Ward E representative and Finance and Ordinance Chair Jamie Davis asked the Town’s Attorney Gary Elder why the inclusion of time frames on certain days was needed in the ordinance.

Elder replied, explaining that this is something that one typically finds in a lot of ordinances and that in reviewing ordinances across the state, he noticed time frames included.

“I don’t think anyone typically expects to be wholly immune from noise at all hours of the day,” said Elder. “I mean, you live in a populated urban area, you expect to hear some noise, but you generally, I would think it would be more of a heightened issue during certain hours. So, noise that we may find acceptable at 6 p.m., we probably might not find it acceptable at 3 a.m..”

Owners of the North Street Press Club, Nash Osborne, and Matt Hurley both spoke during the public hearing.

Hurley told the council that they were aware of the noise issues and have addressed the situation. “We have been very proactive,” he said. “We didn’t have any concerns when we first opened, and all of a sudden, it just started snowballing, and we have been working on the issue.”

Hurley continued to say, “Sometimes we never change anything from a Wednesday to a Friday or Saturday, and the volume doesn’t change a bit. But we may get three complaints on Thursday and not on Saturday.”

Hurley further reminded the council that the North Street Press Club was, in fact, located in a business district, and they did not surprise the town with what they were planning.

“We spoke very openly about a nightclub, a restaurant, and what we were trying to achieve here in Farmville and we have been true to that,” he explained. “Again, I’m very proud of the North Street Press Club and what we put together.”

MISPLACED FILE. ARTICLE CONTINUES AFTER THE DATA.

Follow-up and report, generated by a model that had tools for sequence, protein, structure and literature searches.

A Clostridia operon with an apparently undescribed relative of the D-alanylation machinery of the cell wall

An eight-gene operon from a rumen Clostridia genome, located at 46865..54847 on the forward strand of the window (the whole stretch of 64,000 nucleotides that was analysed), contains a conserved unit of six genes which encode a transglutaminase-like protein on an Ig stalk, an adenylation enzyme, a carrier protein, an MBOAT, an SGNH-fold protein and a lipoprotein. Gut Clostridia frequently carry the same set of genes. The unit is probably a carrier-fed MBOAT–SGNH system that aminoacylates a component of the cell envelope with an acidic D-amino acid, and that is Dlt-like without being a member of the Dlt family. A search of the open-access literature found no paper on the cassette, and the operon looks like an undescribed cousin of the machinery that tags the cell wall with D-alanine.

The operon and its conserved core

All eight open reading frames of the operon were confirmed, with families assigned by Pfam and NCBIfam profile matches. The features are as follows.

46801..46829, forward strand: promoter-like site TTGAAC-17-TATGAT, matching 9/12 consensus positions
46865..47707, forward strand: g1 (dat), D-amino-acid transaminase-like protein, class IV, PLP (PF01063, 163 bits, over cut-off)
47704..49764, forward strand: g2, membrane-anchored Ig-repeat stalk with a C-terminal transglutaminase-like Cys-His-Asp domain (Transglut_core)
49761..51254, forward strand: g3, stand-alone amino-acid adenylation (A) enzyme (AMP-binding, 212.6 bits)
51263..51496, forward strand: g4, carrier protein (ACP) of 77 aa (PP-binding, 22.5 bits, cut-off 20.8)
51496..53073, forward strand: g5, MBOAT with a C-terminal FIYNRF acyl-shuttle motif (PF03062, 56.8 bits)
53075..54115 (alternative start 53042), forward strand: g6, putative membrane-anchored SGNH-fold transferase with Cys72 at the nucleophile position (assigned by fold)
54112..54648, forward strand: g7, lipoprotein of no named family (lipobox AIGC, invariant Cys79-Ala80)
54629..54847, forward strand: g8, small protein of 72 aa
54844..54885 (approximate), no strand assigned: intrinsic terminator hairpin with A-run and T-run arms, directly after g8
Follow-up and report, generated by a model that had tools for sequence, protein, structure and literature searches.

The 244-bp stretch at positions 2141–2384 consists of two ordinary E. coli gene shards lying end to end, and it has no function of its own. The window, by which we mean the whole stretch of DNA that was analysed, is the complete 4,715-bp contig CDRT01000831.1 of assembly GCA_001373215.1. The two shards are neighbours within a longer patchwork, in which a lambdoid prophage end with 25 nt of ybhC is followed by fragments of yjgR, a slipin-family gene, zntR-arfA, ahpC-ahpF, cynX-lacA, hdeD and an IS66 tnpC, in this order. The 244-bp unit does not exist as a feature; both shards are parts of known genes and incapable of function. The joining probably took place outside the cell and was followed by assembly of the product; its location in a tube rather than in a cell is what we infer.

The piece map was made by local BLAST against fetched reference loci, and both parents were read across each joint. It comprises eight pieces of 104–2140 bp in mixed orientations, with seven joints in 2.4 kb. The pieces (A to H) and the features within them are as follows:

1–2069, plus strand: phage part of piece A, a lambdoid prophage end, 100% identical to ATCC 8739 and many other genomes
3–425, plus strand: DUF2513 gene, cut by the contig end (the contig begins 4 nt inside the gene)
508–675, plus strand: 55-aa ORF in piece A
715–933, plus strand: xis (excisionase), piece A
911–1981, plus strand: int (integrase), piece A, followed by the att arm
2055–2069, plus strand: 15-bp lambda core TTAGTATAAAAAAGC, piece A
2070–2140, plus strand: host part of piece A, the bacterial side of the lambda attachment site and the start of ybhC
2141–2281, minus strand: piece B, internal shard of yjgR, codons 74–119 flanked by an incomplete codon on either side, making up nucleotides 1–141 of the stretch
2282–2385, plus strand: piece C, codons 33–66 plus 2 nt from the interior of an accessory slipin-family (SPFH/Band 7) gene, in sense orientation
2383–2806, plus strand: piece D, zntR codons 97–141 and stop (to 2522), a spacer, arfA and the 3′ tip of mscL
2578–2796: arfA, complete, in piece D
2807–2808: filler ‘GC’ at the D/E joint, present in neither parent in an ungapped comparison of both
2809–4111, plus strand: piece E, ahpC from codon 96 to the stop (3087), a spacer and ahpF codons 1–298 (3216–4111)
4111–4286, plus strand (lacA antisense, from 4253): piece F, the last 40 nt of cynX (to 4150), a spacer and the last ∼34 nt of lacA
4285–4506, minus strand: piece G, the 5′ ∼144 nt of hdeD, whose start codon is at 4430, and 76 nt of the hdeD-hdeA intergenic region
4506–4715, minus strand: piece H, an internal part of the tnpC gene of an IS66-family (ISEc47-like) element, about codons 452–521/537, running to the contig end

Co-owner, Nash Osborne informed the council of the steps the establishment has taken to reduce noise for both the Hotel Weyanoke’s guest and its neighbor, Floyd Duffey.

“We’ve covered our stage with a three-quarter inch rubber matting, which is basically soundproofing,” said Osborne. “The windows on the rear side of the building facing the hotel have been covered in an acoustical foam. We have adjusted through our sound engineer the levels of the music that we deemed to be reasonable and we have had meetings between the hotel and our managers to achieve levels of music that were acceptable.”

Nash continued to say that the business managers go outside to check decibel readings.

“We have not read anything outside that is any louder than traffic noise,” Osborne said. “We want to coexist. We want to have a relationship with the hotel and with the town, and we don’t want these problems. The noise ordinance as it’s been proposed is acceptable to me.”

Mayor David Whitus inquired about the enforcement of the ordinance. “If someone is found to be in violation, it would be a class four misdemeanor and a $250 fine, explained Elder.

Councilmember, Jamie Davis, pointed out that he felt the ordinance was designed to cover the town as a whole and not just one or two institutes.

“There’s never going to be a perfect way to measure it (noise), and there’s never going to be a perfect solution to it,” said Whitus.

Councilmember Dwyer who voted no said on Monday that, in hindsight, if they were to vote again he would likely vote yes. “Noise ordinances are comprehensive and apply to noise in the entire town,” he said. “I was unsettled and focused on the issues between two local businesses. I believe the ordinance as approved will be good.”